If the pianos played during the 2018 Cayman Arts Festival, which takes place this month, sound a little different than in years past, perhaps it is because someone else has tuned them. Wil Steward, who has done the job since the festival’s inaugural event in 2004, isn’t doing it this year.
“I would be, but I’ll be on a jazz cruise,” says the man who is an architect by day and a musician and piano tuner in the evenings and on weekends.
Piano tuning is a special vocation, one that is rare in the Cayman Islands but in high demand. It’s not surprising given there are 200 or so pianos on Grand Cayman. All of the schools and many churches have pianos and there are residents who own an instrument. All of them require regular tuning and Wil is the man who tunes about 100 of them, as well as a few overseas.
Tuning is no easy feat, either, and it takes anywhere from an hour to two and a half hours to tune one.
Wil’s interest in tuning started with a love of music and grew into a passion of its own. Originally from the west coast of Canada where he grew up on an apple orchid in Oliver, British Columbia, Wil played piano from a young age. After becoming an architect and a jazz pianist who performed regularly in Vancouver, B.C., Wil moved with his wife Pat to Grand Cayman in 1992. Wil immediately became involved in the music scene and even played at the earliest Cayman Arts Festival concerts.
He started tuning pianos to satisfy his own needs.
“I ultimately got into it to tune my own piano,” he says. “When I could change its tone, touch and volume, I noticed the ease with which I could then play the instrument. I became a bit more interested, started doing some reading and it went from there.”
Wil’s early attempts at tuning were not always successful — he even broke a string or two back then — but he didn’t give up. Rather, he experimented, working on older pianos and enlisting help from other tuners when he needed it. Then he started looking for a way to educate himself further and discovered the Master Piano Technicians of America, an association in the United States that enabled him to both learn and gain a qualification.
The first class Wil took was with one of the most well-known piano tuners and experts in the world, author of the most important books on piano tuning this century. Inspired further, Wil took on the job of editor for the organisation’s quarterly journal, enabling him to dive more deeply into piano technology.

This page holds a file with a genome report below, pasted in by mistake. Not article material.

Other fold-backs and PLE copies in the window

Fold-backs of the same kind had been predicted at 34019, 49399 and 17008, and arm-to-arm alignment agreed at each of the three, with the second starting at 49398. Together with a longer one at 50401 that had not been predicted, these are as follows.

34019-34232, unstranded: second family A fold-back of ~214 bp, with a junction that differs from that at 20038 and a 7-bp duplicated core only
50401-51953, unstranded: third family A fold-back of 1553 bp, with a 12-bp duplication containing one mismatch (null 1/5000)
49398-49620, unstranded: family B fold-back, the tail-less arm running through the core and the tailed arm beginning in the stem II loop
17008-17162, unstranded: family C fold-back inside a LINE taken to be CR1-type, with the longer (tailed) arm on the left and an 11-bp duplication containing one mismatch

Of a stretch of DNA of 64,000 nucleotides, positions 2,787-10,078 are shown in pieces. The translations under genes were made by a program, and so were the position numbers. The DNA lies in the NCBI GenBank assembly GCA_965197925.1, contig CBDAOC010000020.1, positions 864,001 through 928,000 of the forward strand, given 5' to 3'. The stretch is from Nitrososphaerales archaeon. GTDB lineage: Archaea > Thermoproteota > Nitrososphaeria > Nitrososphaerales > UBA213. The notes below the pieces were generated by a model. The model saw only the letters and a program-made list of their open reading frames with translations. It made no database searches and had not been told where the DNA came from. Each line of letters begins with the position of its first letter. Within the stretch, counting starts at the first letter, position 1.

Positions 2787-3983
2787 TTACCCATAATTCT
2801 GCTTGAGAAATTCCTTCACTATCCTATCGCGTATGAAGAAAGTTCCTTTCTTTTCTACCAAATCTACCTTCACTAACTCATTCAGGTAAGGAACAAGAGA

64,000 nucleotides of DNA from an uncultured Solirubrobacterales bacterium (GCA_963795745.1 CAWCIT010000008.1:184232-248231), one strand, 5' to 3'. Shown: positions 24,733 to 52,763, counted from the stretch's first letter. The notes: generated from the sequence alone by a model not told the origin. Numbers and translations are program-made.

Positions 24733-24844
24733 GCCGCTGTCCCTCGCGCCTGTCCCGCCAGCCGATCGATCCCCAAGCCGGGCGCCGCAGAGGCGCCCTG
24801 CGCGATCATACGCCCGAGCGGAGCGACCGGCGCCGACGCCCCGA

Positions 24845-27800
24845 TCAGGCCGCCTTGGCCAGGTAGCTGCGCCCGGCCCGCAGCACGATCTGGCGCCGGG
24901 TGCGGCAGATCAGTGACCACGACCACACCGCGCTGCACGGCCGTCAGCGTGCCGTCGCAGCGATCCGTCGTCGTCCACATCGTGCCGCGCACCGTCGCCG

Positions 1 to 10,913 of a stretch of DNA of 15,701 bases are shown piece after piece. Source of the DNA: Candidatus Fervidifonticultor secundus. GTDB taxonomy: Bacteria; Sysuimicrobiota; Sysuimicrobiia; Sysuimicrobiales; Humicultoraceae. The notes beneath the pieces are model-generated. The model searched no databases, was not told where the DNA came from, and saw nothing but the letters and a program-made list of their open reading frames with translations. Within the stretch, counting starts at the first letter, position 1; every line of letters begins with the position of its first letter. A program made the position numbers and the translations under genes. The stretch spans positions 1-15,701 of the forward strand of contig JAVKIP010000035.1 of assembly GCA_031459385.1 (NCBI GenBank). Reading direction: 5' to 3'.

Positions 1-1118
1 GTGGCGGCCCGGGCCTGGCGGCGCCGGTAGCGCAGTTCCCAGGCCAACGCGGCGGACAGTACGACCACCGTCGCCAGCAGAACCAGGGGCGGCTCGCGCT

“It went way beyond tuning,” he said. “I got into the way the instruments are manufactured, restored, sometimes modified to make them more playable, change their tone and touch.”
For his articles, Wil reached out to piano manufacturers Steinway, Bosendorfer and others to learn the latest innovations. Although essentially there has been very little change in the design of a grand piano since the mid 1800s, manufacturers are now implementing new materials such as carbon fibre and finding ways to improve the design. Wil is now pursuing his degree as a Master Piano Technician.
Tuning is no easy feat, either, and it takes anywhere from an hour to two and a half hours to tune one. Pianos have 230 strings in a steel or cast-iron framework that has between 30,000 to 40,000 pounds of tension from those strings, which means there are a lot of places where they can become destabilised. “Tuning pianos is often making the best of a bad situation,” says Wil. “I have to adjust for the in-harmonicity of the strings. Voicing the hammers is part of the work as well, to ensure they sound more even.”
Piano tuning has allowed Wil to meet many interesting people over the years. He has also boarded some visiting yachts to service their grand pianos (including two yachts, owned by Paul Allen, which sport a Yamaha and a Steinway, respectively).
Wil’s preference is to tune for concerts like the Cayman Arts Festival because they give him an opportunity to hear his own work. Tuning for concerts also presents more of a challenge as pianists often play demanding pieces. Ideally, Wil would like to tune even during intermissions to ensure the instruments remain at their peak during performances.
Other pianists and the Cayman Arts Festival continue to reap the benefits of Wil’s passion, but sometimes his own piano is neglected.
“My own piano is like the plumber’s pipe that is leaking,” he says. “I never get a chance to work on it. I’m always working on someone else’s piano!”